5 Here, we generalize the application of ESS from mono-component time-varying sinusoids to multi-component signals. We propose higher-order ZCs (HoZCs), or ZCs of signal derivatives, as informative samples for precise IA and IF estimation of each sinusoid in multi-component signals. It is shown that, over a wide range of modulation parameters, namely, bandwidth and modulation indices, the IA and IF signals associated with each sinusoid are preserved over successive signal derivatives. Further, successive differentiation induces a highest IF sinusoid amplitude dominance into the signal.

6 Accurate analysis of this time-evolving speech spectrum is an open challenge in signal processing. Towards this, we designed an approach which overcomes some of the challenges using foundational concepts in signal processing. This is a suprisingly simple approach based on fundamental signal processing tricks to play with modulations in the signal. Here, we demonstrate the application to speech representation-modification-synthesis, with improved perceptual quality.

7 Here, I present some future directions which build on the topics explored in this thesis.

**Sparse signal reconstruction based on signal dependent non-uniform samples**(In ICASSP'12, Kyoto)

Click to expand.- The classical approach to A/D conversion has been uniform sampling and we get perfect reconstruction for bandlimited signals by satisfying the Nyquist Sampling Theorem. We propose a non-uniform sampling scheme based on level crossing (LC) time information. We show stable reconstruction of bandpass signals with correct scale factor and hence a unique reconstruction from only the non-uniform time information. For reconstruction from the level crossings we make use of the sparse reconstruction based optimization by constraining the bandpass signal to be sparse in its frequency content. While overdetermined system of equations is resorted to in the literature we use an undetermined approach along with sparse reconstruction formulation. We could get a reconstruction SNR >20dB and perfect support recovery with probability close to 1, in noise-less case and with lower probability in the noisy case. Random picking of LC from different levels over the same limited signal duration and for the same length of information, is seen to be advantageous for reconstruction.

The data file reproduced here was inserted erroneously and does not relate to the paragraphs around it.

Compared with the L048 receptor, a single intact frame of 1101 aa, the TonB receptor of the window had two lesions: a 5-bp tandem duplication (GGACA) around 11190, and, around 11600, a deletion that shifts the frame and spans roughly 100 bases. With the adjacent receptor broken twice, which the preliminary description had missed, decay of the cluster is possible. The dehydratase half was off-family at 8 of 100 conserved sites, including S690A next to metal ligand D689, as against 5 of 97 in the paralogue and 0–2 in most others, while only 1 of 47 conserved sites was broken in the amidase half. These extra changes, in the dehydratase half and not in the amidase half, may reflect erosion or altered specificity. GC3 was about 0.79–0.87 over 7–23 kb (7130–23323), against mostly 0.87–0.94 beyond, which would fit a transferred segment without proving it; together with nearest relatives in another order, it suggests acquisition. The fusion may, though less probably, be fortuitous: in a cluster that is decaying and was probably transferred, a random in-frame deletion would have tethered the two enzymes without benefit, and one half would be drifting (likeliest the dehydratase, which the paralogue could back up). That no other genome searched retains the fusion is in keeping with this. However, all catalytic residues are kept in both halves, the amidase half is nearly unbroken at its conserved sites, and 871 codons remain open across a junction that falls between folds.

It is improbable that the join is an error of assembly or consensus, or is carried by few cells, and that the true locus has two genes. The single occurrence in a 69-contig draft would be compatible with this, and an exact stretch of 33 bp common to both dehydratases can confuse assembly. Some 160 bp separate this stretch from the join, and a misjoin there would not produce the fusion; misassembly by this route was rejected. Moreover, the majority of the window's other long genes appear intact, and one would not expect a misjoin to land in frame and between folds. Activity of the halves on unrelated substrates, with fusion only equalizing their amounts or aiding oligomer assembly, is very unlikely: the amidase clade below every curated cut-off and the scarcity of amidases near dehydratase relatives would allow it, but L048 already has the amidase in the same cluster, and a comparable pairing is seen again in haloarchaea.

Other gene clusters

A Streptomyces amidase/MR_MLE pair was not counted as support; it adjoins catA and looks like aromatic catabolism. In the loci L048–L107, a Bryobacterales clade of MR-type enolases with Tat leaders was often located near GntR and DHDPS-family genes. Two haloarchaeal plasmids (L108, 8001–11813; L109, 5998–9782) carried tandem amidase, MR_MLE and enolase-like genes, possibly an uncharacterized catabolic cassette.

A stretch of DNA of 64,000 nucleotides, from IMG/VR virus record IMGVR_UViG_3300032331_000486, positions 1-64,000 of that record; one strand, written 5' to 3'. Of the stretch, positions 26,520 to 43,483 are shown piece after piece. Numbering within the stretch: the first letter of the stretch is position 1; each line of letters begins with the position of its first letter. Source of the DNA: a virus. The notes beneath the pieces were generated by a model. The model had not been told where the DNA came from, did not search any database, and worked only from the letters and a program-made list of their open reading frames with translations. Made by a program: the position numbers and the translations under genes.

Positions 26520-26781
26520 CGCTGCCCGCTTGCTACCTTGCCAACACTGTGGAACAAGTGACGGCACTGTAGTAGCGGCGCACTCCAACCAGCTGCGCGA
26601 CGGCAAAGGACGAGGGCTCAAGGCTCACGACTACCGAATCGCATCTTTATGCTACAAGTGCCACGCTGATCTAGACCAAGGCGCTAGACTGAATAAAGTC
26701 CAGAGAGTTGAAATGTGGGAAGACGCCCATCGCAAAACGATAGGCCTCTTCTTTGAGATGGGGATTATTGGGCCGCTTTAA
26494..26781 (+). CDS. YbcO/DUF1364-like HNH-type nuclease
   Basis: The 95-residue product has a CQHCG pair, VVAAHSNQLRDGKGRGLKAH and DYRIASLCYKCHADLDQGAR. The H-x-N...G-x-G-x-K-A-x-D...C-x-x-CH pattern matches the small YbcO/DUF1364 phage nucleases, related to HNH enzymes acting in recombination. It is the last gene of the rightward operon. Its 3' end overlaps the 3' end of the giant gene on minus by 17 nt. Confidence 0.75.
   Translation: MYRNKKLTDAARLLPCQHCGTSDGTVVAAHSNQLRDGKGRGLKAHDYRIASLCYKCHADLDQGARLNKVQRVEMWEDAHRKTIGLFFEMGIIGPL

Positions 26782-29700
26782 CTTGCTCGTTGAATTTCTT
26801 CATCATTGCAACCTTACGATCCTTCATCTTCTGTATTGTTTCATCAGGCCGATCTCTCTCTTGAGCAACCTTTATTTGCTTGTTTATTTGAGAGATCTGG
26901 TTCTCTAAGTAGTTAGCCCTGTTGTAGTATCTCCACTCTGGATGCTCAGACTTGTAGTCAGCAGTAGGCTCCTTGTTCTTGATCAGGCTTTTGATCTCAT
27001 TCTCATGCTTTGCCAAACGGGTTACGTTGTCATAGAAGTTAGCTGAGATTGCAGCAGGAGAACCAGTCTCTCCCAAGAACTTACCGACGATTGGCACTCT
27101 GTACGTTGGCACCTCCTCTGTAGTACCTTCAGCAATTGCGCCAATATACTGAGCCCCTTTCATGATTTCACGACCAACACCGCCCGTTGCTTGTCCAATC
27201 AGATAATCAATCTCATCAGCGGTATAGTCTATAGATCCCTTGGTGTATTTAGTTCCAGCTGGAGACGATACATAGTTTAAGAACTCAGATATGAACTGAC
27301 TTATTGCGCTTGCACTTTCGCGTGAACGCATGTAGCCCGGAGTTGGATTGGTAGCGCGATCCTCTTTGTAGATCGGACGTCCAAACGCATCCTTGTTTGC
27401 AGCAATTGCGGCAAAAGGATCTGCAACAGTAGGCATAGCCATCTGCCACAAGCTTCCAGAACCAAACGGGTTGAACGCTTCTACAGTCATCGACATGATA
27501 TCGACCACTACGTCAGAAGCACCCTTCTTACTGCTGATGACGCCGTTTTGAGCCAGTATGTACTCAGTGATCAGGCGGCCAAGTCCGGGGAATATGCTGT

**Event-triggered sampling and reconstruction of sparse trigonometric polynomials**(In SPCOM'14, Bangalore)- We propose data acquisition from continuous-time signals belonging to the class of real-valued trigonometric polynomials using an event-triggered sampling paradigm. The sampling schemes proposed are: level crossing (LC), close to extrema LC, and extrema sampling. Analysis of robustness of these schemes to jitter, and bandpass additive gaussian noise is presented. In general these sampling schemes will result in non-uniformly spaced sample instants. We address the issue of signal reconstruction from the acquired data-set by imposing structure of sparsity on the signal model to circumvent the problem of gap and density constraints. The recovery performance is contrasted amongst the various schemes and with random sampling scheme. In the proposed approach, both sampling and reconstruction are non-linear operations, and in contrast to random sampling methodologies proposed in compressive sensing these techniques may be implemented in practice with low-power circuitry.